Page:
When an applied voltage is modulated it aids in destabilizing the oil-in-water emulsion. Failure to adequately destabilize water droplets in an emulsion is generally responsible for poor dehydration performance. To be effective the voltage should be modulated from a lower threshold voltage to a higher critical voltage. If the voltage is below the threshold level then electrostatic coalescence is essentially stopped. If the voltage is above the critical voltage then droplets are shattered and therefore do not grow to sufficient diameter required to settle out of the emulsion.

A typical multiple frequency separation process utilizes high frequency (800-1600 Hz) power supply in combination with a low frequency (1-20 Hz) modulation. This process can be practiced by converting a 3 phase voltage to a DC bus voltage. The DC voltage is then modulated to provide a low frequency voltage that is then chopping to obtain the desired high frequency. The waveform that is created by this process must have five characteristic features for successful electrostatic coalescence. First, the lowest voltage should be at or near the threshold voltage. The threshold voltage is dependent on the crude oil being processed. Second, the highest voltage which should be near the critical voltage. The critical voltage depends on the droplet size that will settle out of the emulsion. Third, the base frequency F1 is determined by the conductivity of the crude oil. Fourth, the modulation frequency F2 depends on the required droplet size and the interfacial tension of the crude oil and water mixture, that is, the emulsion. When an amplitude modulated, high frequency waveform is rectified by a pair of diodes a positive and negative waveform is created. See FIGS. 2A and 2B. Fifth, the wave characteristic that is, the shape of the modulation is important. This shape can be a sinusoidal wave or a square wave, or a variety of other waveforms as illustrated in FIGS. 5 through 12. Additionally combinations of waveforms such as shown in FIG. 12 can be used.

The positive and negative waveforms may be applied to adjacent electrodes arranged as parallel plates each with an alternate electrical polarity. This arrangement is illustrated in FIG. 3.

This “multiple frequency” method promotes electrostatic coalescence by establishing a high frequency electrostatic field to maximize the electric field strength and a low frequency modulation field to promote dispersed water coalescence to maximum droplet size. The technique has been commercially successful and improves coalescence performance by 30 to 100% over conventional non-modulated coalescence methods.

The waveform as discussed with reference to FIGS. 1 through 4 consist of a low frequency waveform developed by controlling the amplitude of a high frequency waveform. This multiple frequency method modulates the strength of the applied voltage between the lower threshold voltage and the upper critical voltage and has been utilized in numerous pilot trials and at least one successful field trial. The application of the multiple frequency waveform has achieved performance results permitting the processing capacity of established electrostatic separators to be doubled while maintaining the same effluent water content.

When a multiple frequency electrostatic coalescer is performing at maximum efficiency the dispersed water is readily coalesced into very large droplets that can easily be shattered by excessive voltages above the critical level. To sustain these large droplets the critical voltage must be reduced. See FIG. 13. The theoretical limit for the critical voltage is the threshold voltage while the practical limit appears to be about 2 kV above the threshold. In several performance tests best results were obtained when the critical voltage was set at a few thousand volts above the threshold voltage.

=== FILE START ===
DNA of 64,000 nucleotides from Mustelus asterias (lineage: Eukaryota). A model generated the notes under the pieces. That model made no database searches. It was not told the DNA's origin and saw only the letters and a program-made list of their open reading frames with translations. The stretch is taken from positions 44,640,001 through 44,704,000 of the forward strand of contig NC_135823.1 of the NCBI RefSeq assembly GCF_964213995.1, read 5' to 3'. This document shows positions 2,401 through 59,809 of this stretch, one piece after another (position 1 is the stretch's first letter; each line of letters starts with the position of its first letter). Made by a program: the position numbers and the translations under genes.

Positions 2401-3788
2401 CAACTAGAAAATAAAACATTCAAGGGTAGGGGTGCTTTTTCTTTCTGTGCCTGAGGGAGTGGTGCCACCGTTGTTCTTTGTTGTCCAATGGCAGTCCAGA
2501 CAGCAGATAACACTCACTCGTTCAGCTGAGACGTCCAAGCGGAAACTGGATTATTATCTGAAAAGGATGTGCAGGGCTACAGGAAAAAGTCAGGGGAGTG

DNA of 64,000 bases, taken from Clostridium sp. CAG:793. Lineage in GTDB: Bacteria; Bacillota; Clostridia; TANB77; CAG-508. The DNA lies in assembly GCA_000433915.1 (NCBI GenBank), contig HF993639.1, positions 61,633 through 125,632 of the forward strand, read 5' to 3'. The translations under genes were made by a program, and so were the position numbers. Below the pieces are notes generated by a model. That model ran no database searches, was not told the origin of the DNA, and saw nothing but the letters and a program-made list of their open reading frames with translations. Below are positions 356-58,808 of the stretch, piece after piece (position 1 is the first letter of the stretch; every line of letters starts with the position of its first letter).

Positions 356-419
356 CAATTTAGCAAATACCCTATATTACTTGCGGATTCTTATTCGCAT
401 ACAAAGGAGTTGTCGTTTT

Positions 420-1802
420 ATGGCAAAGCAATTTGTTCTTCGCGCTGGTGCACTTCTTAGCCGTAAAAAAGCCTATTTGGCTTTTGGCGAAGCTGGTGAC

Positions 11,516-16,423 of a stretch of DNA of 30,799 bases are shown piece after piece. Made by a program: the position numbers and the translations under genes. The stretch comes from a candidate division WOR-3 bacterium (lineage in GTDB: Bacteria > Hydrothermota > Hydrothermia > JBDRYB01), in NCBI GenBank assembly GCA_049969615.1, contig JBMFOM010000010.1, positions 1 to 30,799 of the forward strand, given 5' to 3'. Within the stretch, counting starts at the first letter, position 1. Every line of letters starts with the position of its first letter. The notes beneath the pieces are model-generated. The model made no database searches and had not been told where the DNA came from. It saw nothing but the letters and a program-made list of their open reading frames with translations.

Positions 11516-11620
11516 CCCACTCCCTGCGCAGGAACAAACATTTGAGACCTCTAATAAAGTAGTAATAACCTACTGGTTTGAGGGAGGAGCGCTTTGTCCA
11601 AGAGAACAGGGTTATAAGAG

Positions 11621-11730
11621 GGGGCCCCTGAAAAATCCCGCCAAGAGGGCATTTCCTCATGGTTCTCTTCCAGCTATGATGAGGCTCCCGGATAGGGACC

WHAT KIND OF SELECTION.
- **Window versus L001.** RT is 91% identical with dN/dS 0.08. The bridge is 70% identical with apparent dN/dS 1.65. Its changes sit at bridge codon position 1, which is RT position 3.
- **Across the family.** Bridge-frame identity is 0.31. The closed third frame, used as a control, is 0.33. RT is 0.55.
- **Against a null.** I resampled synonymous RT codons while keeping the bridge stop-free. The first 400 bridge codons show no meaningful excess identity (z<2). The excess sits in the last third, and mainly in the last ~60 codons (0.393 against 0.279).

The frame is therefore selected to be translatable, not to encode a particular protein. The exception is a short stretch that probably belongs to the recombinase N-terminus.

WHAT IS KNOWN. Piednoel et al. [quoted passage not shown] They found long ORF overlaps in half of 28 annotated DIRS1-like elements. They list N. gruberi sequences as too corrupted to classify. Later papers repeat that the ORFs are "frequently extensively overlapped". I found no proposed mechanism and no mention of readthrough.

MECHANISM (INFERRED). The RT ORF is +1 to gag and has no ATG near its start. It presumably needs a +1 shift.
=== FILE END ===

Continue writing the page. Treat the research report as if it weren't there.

Due to the large water droplets that are produced by the multiple frequency process, it has also been observed that the optimum modulation frequency must be reduced to prevent shattering the droplets. This observation is in agreement with the droplet natural frequency based on the droplet size and the interfacial tension. See FIG. 14. The theoretical limit for the modulation frequency is zero when the droplet growth is maximum. For maximum droplet coalescence and in agreement with applied physics, the ideal modulation frequency must be less than the calculated natural frequency of the largest water droplet. As indicated in FIG. 15, should the applied frequency, Fa, coincide with the droplet natural frequency, Fn, the droplet is excessively elongated and shattered. See FIG. 15 which illustrates that maximum droplet elongation occurs when the applied frequency is equal to the droplet natural frequency. The practical limit determined experimentally appears to be about 0.1 Hz.

While the modulation frequency is selected based on the droplet size and the interfacial tension, the conductivity of the crude oil controls the electrostatic behavior of the water droplets. Skewing a symmetric waveform to produce a unique waveform creates two additional frequencies. FIGS. 6 through 11 illustrate skewed waveforms. In crude oil with low conductivity skewing the modulation waveform to increase the voltage rapidly followed by a slow voltage decline such as shown in FIGS. 6, 8 and 10 and most graphically in FIG. 8, maximizes the electrostatic energy. In highly conductive crude oil, the voltage should increase slowly to prevent droplet shattering following by a rapid voltage decline such as shown in FIGS. 7 and 11. Testing has confirmed that some crude oils respond best to a high frequency increasing voltage such as shown in FIGS. 7 and 11, while others require a high frequency decreasing voltage such as shown in FIGS. 6, 8 and 10.